Loyal exchange: the material and visual culture of Jacobite exile, c.1716 - c.1760
Vullinghs, Georgia Wilhelmina Muriel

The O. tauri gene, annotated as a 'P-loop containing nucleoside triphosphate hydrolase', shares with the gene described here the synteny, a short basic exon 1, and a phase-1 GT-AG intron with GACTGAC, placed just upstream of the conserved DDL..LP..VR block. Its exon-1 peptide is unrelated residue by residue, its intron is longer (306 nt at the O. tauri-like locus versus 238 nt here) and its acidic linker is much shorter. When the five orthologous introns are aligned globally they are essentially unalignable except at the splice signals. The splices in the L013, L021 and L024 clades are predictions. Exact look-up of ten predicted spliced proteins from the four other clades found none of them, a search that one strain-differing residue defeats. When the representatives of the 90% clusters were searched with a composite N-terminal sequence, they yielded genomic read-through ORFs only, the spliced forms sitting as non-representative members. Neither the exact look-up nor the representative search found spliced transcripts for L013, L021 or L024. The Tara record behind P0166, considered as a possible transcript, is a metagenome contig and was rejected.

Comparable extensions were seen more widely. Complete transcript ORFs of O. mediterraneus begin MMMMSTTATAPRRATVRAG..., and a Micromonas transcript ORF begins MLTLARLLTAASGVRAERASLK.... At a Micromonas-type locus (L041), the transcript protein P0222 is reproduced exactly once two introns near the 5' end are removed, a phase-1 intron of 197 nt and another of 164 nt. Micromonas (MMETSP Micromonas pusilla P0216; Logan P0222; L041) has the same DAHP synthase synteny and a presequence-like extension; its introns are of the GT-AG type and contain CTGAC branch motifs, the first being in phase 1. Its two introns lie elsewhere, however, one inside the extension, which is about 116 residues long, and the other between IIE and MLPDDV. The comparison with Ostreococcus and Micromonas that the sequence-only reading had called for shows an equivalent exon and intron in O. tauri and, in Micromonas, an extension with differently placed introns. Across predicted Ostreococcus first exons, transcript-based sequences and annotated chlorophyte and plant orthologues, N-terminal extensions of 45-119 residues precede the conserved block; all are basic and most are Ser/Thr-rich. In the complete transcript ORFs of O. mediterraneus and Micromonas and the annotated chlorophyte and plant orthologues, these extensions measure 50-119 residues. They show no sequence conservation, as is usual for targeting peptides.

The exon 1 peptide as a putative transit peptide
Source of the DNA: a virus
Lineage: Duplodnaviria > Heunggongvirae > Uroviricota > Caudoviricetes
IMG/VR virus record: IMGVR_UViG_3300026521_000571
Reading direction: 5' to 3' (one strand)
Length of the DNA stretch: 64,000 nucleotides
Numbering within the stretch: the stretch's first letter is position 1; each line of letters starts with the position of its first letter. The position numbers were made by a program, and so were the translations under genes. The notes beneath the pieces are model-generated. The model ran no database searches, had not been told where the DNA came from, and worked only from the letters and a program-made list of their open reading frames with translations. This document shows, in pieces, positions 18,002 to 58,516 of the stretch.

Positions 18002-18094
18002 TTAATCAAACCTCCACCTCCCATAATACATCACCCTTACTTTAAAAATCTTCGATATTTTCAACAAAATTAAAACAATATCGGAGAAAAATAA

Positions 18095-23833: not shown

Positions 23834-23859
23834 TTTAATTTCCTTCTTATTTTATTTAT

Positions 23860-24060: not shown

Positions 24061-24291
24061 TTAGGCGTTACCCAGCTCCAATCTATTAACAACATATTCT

By examining the material and visual culture of Jacobite exile between c.1716 and c.1760, this thesis looks more deeply into the exiled court of James VIII/III in Rome. Prompted by the theme of exile to consider less discussed elements of Jacobite history, namely the experiences of women, and the lives of Maria Clementina and Henry Benedict Stuart as members of the Stuart dynasty, the thesis offers alternative, though complementary, narratives to the dominant Jacobite histories. The artefacts discussed in this thesis are drawn largely from the rich collection of Jacobite objects at National Museums Scotland. The theme of exile provides the opportunity for a reconsideration of artefacts familiar to historians of Jacobitism – such as embroidery produced by Jacobite women – and offers scope for others – objects associated with Maria Clementina Sobieska for example – to be given more prominence in Jacobite studies. Additionally, the thesis makes sustained use of the Stuart Papers in the Royal Archives at Windsor: the letters and account books of the exiled court. These written sources enhance interpretation of extant Jacobite objects and the material experience of the Stuart court. Correspondence between Jacobites in Britain and the court in Rome illuminates the role of material culture in maintaining the affective relationship between exiled monarch and loyal subject that underpinned Jacobitism. Absent from his kingdoms and not performing the traditional functions of ruler, James VIII/III and his court used material culture to maintain the appearance of royalty in exile. Circulating images of the family, the exiled dynasty readied supporters for its eventual restoration and return. Rather than considering this use of material culture as unique to the exiled Stuarts, the thesis situates the court’s practices in the wider cultural context of early-modern monarchy. While absence is inherent to exile, the thesis proposes that presence is also an essential theme. Chapters one and two consider the notable presence of the expatriate Jacobite community in eighteenth-century Roman society in the context of British tourism, antiquarianism, and art networks. Case studies of Clementina Sobieska and Henry Benedict demonstrate how the Stuarts could become fully incorporated into Roman society without relinquishing their claims to the thrones of Britain, nor the loyalty of their supporters. Examining the artefacts Jacobite women produced and consumed in response to Stuart exile, this thesis argues that material culture worked affectively to make the Stuarts present for their loyal supporters in Britain. Overall, this thesis offers a cultural history of Jacobitism focussing on the theme of exile which serves to unite Jacobitism in Rome with Jacobitism in Britain. Furthermore, this is a history which emphasises emotions as a meaningful measure of loyalty to the Jacobite cause, rather than political/military actions and the subsequent success or failure of those actions. By situating the material and visual culture of Jacobite exile in a wider eighteenth-century British and European cultural context, rather than interpreting it as peripheral to mainstream eighteenth-century history, the thesis also contributes to the history of the Grand Tour, gender studies, the history of emotions, and court culture.